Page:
Kevin David Anderson, author of Night of the Living Trekkies, was kind enough to sit down for an interview with us. Check out his blog and website for more information!
booknosh: You clearly know the Star Trek universe extremely well. How much of this came from research, and how much from being a Trekkie yourself?
KDA: The first draft came fairly easily using what Star Trek knowledge I already had, but later rewrites, which needed more detail, involved a little research. The chapter names, which were all taken from the names of Star Trek episodes, for example, involved some looking up. I didn’t have many episode names already in my head except for my favorites. It took some digging but not much.
CleverHandle’s rating: 5 out of 5 stars
Penguinhegemony’s rating: 4.5 out of 5 stars
Cut to the Chase:
CH: I hate zombies. HATE them. With the exception of Shaun of the Dead, I have loathed every piece of zombie-related media I have ever encountered. If you told me I’d be writing a five-star review of a “zombies at a Star Trek convention” book, I would have laughed (even though I’m a TNG fan). I read it intending to provide a counterpoint to Penguinhegemony’s review. And in a way, I was right: I didn’t like this book. I LOVED it. Anderson pulls you in right from the start, with likable characters and a humorous style. The writing is excellent: Anderson does a great job of building tension, and during some of the more dramatic scenes, I could almost hear a soundtrack in my head. The plot is fast-paced and engaging, the book is a page-turner (I read it in one sitting), and Anderson keeps you intrigued and entertained throughout. You don’t need to be a Star Trek fan to enjoy this, but there are a lot of clever nods to the series throughout, including chapter titles borrowed from episodes of the show. This is the best book I’ve read all year, and I highly recommend it for anyone who enjoys humor, tension, and good writing — even if you hate zombies.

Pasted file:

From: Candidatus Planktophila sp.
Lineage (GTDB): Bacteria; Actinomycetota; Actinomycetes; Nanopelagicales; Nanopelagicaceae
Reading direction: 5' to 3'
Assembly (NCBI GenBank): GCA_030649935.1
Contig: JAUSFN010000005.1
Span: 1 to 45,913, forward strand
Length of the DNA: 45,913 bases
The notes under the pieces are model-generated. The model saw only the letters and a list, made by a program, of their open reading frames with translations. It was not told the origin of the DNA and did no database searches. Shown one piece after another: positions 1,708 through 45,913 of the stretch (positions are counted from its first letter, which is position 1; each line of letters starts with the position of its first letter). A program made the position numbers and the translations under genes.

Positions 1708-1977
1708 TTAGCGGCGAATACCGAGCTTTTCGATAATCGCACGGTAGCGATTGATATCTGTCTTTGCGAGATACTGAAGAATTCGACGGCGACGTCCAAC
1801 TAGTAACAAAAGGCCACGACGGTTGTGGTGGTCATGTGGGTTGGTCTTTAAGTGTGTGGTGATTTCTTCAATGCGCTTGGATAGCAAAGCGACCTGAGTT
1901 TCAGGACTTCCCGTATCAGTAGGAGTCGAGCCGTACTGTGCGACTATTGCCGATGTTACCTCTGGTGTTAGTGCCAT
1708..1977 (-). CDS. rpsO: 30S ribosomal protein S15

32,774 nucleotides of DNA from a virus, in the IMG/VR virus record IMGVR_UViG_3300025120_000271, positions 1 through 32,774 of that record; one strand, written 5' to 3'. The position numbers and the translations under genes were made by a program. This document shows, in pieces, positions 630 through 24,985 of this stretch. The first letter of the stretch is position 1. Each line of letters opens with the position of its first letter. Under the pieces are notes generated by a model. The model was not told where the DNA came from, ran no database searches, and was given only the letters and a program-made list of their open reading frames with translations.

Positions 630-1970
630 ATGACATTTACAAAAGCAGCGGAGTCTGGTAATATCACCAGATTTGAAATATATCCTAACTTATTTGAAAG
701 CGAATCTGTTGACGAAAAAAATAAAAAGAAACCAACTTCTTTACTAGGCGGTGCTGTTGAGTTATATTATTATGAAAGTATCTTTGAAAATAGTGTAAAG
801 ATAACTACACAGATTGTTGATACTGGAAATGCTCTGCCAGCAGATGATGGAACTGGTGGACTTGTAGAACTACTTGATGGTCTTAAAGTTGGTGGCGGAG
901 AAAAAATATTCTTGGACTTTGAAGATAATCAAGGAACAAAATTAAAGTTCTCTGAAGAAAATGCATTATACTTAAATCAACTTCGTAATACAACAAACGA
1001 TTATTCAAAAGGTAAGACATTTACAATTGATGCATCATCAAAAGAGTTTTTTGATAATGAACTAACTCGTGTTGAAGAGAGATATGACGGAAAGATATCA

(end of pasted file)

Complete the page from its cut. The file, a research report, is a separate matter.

P: I generally like zombie apocalypse stories, but I wouldn’t consider most of them to be something I would recommend. I picked up Night of the Living Trekkies (tag line: “They thought space was the final frontier. They were wrong.”) thinking that it would a fun book to make fun of with a ridiculous, easily dismissible premise: zombies at a Star Trek convention. As I read it, I had the growing realization that it was, to my horror, actually really good. It solves most of the issues I have with the genre at large: the plot is fun and unpredictable, the characters are well developed and likeable, and the environment is interesting and believable. Surprisingly, I have to heartily recommend Night of the Living Trekkies as a well developed, action packed read and not just yet another forgettable zombie thriller.